• Keep It Low- Low mounting height and low bulb wattage.  Flood, spot, and pole lighting are highly discouraged.
  • Keep It Shielded- Use full cut-off fixtures that direct the light down to the ground. Shield fixtures so you cannot see the bulb, lamp or glowing lens.
  • Keep It Long- Use light with long wavelengths, such as lights that are yellow, amber, or red in color.
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Here is a great visualization of the best lighting to use around homes and communities along the coast.

For more helpful types and visuals click here.

(Another great resource about light pollution in particular is Skyglow Project.)

Both disorientation and misorientation are dangerous to not only adult sea turtles, but are extremely dangerous to the hatchlings as well.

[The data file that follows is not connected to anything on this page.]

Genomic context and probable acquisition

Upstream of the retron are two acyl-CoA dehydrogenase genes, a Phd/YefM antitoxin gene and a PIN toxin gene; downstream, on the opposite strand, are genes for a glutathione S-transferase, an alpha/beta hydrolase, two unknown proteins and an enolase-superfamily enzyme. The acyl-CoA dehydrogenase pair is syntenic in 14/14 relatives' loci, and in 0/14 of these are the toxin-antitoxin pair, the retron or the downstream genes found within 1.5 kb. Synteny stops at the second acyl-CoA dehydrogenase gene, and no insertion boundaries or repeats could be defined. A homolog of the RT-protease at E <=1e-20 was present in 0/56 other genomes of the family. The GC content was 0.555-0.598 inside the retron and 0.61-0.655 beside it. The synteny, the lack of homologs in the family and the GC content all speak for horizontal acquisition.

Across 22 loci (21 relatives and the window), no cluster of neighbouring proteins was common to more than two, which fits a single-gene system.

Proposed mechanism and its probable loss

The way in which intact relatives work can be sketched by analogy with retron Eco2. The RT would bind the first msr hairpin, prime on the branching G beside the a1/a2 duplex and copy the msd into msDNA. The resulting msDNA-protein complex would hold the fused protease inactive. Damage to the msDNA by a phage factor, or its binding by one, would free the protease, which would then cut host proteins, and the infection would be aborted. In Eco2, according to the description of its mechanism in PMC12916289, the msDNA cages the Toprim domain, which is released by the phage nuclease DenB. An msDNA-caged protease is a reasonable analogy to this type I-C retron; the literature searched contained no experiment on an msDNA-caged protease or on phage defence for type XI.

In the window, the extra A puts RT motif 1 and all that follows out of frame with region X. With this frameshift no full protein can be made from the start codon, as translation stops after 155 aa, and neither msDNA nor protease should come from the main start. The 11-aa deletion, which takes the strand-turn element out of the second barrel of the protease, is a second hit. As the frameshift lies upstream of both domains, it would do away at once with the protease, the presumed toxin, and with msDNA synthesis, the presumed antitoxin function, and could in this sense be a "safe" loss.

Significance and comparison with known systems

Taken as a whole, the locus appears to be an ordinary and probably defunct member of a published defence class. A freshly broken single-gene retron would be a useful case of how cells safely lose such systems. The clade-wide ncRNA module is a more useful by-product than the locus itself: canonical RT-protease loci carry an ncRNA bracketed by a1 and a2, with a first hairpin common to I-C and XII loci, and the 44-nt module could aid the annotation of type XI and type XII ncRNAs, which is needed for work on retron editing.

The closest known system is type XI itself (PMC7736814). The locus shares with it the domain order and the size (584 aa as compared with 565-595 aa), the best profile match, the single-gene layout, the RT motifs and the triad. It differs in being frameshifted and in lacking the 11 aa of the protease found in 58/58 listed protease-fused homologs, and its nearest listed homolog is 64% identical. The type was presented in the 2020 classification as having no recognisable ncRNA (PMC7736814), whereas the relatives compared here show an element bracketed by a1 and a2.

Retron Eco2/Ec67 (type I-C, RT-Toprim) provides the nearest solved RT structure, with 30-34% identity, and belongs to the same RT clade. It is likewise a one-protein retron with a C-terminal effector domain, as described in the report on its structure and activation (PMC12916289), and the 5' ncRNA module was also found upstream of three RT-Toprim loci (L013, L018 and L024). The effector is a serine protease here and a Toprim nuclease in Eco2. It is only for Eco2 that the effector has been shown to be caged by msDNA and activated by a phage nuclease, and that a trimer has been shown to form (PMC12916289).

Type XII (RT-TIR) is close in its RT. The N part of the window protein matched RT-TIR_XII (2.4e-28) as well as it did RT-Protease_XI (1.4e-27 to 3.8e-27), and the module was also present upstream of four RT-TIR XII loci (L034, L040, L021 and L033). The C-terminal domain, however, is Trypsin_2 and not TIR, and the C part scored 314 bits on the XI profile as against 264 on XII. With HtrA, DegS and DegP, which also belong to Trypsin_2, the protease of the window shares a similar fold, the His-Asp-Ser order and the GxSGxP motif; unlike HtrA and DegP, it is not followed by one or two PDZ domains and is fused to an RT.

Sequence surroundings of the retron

(Disorientation refers to the random movement of the turtles in no particular direction, while misorientation is the movement of the turtle towards a light source that is not the ocean.)

The female sea turtles may become misoriented (like in the example above) or may be deterred from nesting in areas with many lights, while the hatchlings will head away from the ocean by mistake (they also use the stars and moon to guide their journey and instinctively head toward the brightest areas).

As individuals, as well as together as towns and cities, we can help minimize this threat to these beautiful creatures.

Please keep this story in mind, utilize the helpful tips, and pass this information along to friends, family, and community leaders.

It truly is a life or death situation.